That was maybe the most C statement or C thing that you've ever said. I'm so happy right now, I have one tear. Right, my boy! Al, what do you got for the I's?
I'll make it simple. It's got to be smart. It's got to be specific, measurable, attainable, relevant and time bound, end of story, drop the mic.
Oh damn, go ahead Nannette, follow that up.
Good for me. You never know you're winning if you don't identify how you loss so I think it's really important to
She followed it.
Oh god there's so much pressure now.
As he says in a high voice.
Watcha got, donut boy?
Time to make the donuts. For C's, it's like sale, okay so when you come out as a C right are you are you find out that you're a C, you're realizing
Like you're gay? Wow. Nothing against being gay.
When you step through the curtain and you find out you're a C.
We're sorry John.
When you when you realize you're a C and you realize that because of everybody else and that you sell differently than they do, for me, it, pairing that with KPIs made my life a ton easier, right? I didn't have to be the guy who needed to inject himself into every conversation. I didn't need to be the guy who tried to get to yes with every person, right? So it allowed me to go for the no and allowed me this opportunity to fail, which is hard for C's, right? If I'm bluffing, and a poker hand, even though like I'm thinking like, 80% of the time, he's gonna fold any calls with the with the other 20 calls, I have this moment of like, Oh, God, I shouldn't have done that. Right, the numbers were still the same, you have to trust in the process. And so what it did, was pairing that with a process that it's repeatable, that is, is also approachable, right? This is not the easiest thing for C's to do. Right? I mean, when you're when you're a partner and an accounting firm, right, and you met an accountant your whole life and now you're a partner, you have to go generate business that is terrifying. So KPIs give you clarity around the things that you're trying to do. And it also allows you to like turn it off, so you don't have to do it all the time. That's I would say. Awesome.
Fantastic. Good job.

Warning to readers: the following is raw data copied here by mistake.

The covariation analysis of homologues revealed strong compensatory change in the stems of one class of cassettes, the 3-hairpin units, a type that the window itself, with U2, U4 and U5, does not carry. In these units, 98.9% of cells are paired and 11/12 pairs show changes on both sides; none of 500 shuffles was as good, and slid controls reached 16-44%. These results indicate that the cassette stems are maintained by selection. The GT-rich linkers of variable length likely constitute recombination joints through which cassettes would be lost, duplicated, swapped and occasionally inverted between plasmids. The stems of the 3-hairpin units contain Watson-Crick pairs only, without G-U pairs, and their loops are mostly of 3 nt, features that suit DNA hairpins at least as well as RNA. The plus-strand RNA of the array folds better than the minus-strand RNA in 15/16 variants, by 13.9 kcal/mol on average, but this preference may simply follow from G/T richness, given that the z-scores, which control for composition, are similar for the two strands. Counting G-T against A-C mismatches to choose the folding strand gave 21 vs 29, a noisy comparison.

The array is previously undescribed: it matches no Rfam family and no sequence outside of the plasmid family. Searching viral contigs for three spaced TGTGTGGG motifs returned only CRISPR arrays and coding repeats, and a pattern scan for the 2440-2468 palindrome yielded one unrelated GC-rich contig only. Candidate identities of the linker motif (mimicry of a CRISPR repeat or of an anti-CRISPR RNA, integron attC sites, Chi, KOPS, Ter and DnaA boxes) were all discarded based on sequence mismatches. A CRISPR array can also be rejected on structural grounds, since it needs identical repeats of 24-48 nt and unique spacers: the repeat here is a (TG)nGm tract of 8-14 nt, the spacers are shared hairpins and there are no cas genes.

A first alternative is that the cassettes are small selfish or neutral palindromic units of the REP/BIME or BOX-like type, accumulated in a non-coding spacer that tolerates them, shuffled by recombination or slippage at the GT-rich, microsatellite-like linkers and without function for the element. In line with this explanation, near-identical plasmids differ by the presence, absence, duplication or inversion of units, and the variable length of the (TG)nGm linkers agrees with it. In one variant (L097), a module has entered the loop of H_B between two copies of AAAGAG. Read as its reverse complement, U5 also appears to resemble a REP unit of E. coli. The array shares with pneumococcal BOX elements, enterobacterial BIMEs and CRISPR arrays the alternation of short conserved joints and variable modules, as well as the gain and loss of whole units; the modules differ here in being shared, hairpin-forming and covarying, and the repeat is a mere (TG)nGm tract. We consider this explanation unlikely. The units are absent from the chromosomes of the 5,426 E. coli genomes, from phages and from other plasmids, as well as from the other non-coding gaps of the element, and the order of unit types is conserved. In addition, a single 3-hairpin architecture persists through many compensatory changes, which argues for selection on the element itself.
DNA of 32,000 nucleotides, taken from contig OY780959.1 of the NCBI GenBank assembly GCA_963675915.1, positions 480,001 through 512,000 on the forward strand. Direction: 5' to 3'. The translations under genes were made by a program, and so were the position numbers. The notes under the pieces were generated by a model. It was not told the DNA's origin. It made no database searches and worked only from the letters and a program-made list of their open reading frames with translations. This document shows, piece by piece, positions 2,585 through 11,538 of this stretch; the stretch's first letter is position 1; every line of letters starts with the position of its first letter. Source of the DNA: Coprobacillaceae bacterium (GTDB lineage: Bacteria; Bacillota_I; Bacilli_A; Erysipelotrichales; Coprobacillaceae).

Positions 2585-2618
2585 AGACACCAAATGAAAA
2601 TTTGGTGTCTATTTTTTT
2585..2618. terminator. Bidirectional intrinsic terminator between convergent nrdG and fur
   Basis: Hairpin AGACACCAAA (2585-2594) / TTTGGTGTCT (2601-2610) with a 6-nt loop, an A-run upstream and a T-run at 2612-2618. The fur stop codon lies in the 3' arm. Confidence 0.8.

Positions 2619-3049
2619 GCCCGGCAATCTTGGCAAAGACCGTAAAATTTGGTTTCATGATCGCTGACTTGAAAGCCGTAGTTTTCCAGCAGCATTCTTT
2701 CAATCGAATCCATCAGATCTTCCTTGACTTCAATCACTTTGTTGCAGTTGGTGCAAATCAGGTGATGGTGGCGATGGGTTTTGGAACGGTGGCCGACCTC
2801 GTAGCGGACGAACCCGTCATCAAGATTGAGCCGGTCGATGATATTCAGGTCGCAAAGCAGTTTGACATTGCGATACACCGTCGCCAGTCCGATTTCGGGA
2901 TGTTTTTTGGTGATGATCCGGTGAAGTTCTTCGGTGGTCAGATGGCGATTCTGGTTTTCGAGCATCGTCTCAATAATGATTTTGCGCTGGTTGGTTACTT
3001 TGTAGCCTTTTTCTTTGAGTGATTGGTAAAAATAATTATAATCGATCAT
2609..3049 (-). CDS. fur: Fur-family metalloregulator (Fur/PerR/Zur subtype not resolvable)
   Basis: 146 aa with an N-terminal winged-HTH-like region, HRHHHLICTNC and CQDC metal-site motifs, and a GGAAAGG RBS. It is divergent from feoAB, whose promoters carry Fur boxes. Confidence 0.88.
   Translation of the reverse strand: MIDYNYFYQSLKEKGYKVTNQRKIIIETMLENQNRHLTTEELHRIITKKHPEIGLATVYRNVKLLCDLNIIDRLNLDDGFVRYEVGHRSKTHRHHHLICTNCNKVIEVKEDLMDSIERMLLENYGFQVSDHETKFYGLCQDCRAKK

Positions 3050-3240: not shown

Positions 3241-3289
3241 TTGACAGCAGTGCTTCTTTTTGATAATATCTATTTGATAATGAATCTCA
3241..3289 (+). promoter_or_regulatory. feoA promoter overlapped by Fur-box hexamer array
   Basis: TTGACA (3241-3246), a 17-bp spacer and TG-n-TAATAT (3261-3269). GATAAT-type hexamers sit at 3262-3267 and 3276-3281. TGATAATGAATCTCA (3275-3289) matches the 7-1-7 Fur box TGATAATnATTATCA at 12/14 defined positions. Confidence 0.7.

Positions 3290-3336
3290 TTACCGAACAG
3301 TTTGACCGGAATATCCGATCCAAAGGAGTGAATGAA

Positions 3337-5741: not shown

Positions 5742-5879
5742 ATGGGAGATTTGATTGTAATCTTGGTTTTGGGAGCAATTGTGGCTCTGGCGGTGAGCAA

All right, first show 2020. Yeah, or first recorded show anyway.
So, clarity, this year is clarity.
Absolutely. So if you know someone who is struggling or isn't, you know, following a process or doesn't know who they like are or what team they're on, share this with them. It doesn't need to be any harder than it already is. If you're watching us on YouTube, thank you very much. And we will be back next week with. Oh, man, here we go. I got a little nugget,
I got a little nugget. A little nugget? Yeah. Because, you know, one of the one of the biggest challenges with changing the way we all sell the way we do this stuff. We're trying to break the traditional sales cycle, right? One of the ways that I do that, personally, is I, I literally tell the people I'm selling to why I'm doing what I'm doing and my format. Right, so I'm changing the script. I look, here's how I do business. You're either on my page or you're not right. So I will tell you that you can tell your customers that but some this might be an easy nugget. Tell them to go listen to this show, and maybe they'll pick up on some nuances that we're talking about. So that makes your job easier as a salesperson, right? Yeah. So they understand what we're talking about when you bring those questions to light, use us as a third party tool. Sure, right. Maybe maybe that might work for you. Okay, hurt can't hurt you for sure.
Right. So, if you're listening, please share. If you are listening on iTunes, please leave a review and a rating we read every one of them good, bad otherwise, and that's how we improve. So you know, we got some KPIs around some reviews. So go leave them. Like it. All right. Thanks, everybody.